So, that is how we start things off. Equity markets have shaken off last week’s poor performance and are rebounding nicely. Asia started things on the right foot (Nikkei +1.4%, Hang Seng +1.5%) although Shanghai was flat on the day despite a better than expected Manufacturing PMI print (53.6). Europe, meanwhile, is rocking as well, with the DAX (+1.85%) and CAC (+1.8%) both ripping higher while the FTSE 100 (+1.2%) is also having a solid day. US futures are all pointing sharply higher as well, around 1.5% as I type.
Bond markets are actually mixed this morning, with Treasuries rallying slightly, and yields lower by 1.5 basis points. However, in Europe, we are seeing bonds sell off (risk is on, after all) although the movement has been quite modest. After all, with the ECB promising they will be adding new programs come December, why would anyone want to sell bonds the ECB is going to buy? Of more interest is the fact that Treasury prices are rallying slightly, but this is likely to do with the fact that the market is heavily short Treasury bond futures, and some lightening of positions ahead of the election could well be in order.
On the commodity front, oil prices are falling further, as the renewed wave of lockdowns in Europe has depressed demand, while Libya simultaneously announced they have increased production to 1 million bbl/day, the last thing the oil market needs. Gold, meanwhile, is moving higher, which strongly suggests it is behaving as a risk mitigant, given the fact neither rates are falling nor is the dollar.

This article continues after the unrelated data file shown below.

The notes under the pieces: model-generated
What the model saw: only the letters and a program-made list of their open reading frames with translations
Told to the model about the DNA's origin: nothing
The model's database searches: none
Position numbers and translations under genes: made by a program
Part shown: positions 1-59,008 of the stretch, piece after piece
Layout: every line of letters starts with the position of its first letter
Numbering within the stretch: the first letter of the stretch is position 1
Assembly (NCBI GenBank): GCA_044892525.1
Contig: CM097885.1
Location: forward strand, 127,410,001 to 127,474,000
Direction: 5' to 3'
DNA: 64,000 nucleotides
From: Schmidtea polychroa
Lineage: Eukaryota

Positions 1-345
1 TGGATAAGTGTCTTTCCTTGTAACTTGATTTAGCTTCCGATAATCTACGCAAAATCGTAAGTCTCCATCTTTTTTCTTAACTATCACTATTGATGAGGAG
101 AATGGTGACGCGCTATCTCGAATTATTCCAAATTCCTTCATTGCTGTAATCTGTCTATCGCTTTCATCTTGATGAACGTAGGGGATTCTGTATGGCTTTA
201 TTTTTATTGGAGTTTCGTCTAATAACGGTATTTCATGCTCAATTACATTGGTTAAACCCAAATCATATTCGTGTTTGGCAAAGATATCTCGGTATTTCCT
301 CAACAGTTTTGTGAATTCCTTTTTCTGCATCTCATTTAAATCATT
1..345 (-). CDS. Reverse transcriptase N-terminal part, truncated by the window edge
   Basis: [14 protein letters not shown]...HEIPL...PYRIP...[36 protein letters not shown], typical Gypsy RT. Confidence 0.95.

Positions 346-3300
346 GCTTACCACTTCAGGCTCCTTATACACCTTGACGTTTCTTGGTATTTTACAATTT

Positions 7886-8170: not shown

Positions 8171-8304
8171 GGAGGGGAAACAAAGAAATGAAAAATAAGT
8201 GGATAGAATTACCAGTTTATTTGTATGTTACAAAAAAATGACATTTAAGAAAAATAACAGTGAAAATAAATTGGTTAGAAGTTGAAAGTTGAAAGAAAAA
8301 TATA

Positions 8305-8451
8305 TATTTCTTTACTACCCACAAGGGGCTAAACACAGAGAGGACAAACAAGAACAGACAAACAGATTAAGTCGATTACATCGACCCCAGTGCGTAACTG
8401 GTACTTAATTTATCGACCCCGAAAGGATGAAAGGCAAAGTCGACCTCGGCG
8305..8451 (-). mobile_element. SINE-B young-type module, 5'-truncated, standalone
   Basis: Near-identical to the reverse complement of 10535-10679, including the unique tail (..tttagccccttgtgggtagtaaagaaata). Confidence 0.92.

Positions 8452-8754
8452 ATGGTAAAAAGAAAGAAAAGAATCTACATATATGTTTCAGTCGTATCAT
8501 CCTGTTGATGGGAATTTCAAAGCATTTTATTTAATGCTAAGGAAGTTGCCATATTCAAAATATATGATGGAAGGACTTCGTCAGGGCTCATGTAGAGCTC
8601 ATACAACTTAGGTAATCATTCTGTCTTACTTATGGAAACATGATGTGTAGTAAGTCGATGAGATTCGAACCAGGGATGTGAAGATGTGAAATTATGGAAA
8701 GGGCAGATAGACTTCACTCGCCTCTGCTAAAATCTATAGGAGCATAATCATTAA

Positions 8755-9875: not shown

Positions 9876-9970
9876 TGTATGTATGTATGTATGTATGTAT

As to the dollar, arguably, the best description today is mixed. With so much new information yet to come this week, investors and traders seem to be biding their time. In the G10, it is an even split, with three currencies modestly firmer, (CAD, NZD and AUD all +0.2%) and three currencies modestly weaker (NOK and GBP -0.2%, CHF -0.1%) with the rest essentially unchanged. The one that makes the most sense is NOK, with oil continuing its slide. Surprisingly, the pound is weaker given the story circulating that the EU and UK have essentially reached a compromise on the fisheries issue, one of the key sticking points in Brexit negotiations.
Emerging market currencies have a stronger bias toward weakness with RUB (-1.25%) and TRY (-1.0%) leading the way lower. Clearly, the former is oil related while the lira has been getting pummeled for weeks as investors continue to vote on their views of Turkish monetary policy and the economic potential given new sanctions from the West. But after those two, most APAC currencies were under pressure, somewhat surprisingly given the Chinese data, however, INR and TWD (-0.45% each) also underperformed last night. On the plus side, CZK (+0.35%) is the leader, benefitting from a better than expected PMI print.
Speaking of data, Manufacturing PMI’s from Europe were all revised slightly higher, but had little overall impact on the FX markets. This week, of course brings a great deal of info:
|ISM Prices Paid||60.5|
|Unit Labor Costs||-10.1%|
|FOMC Rate Decision||0.00% – 0.25%|
|Average Hourly Earnings||0.2% (4.6% Y/Y)|
|Average Weekly Hours||34.7|
Adding to the mix is the BOE meeting on Thursday as well, while the RBA meets tonight. To me, this is just trying to level set as we await this week’s extraordinary possibilities. Nothing has changed my view that the dollar is likely to strengthen as the situation elsewhere in the world, especially in Europe, is pointing to a terrible Q4 outcome economically (and, I fear in the health category) which will continue to weigh on the euro, as well as most emerging markets. But one thing is clear, is there is a huge amount of uncertainty for the rest of this week.
Good luck and stay safe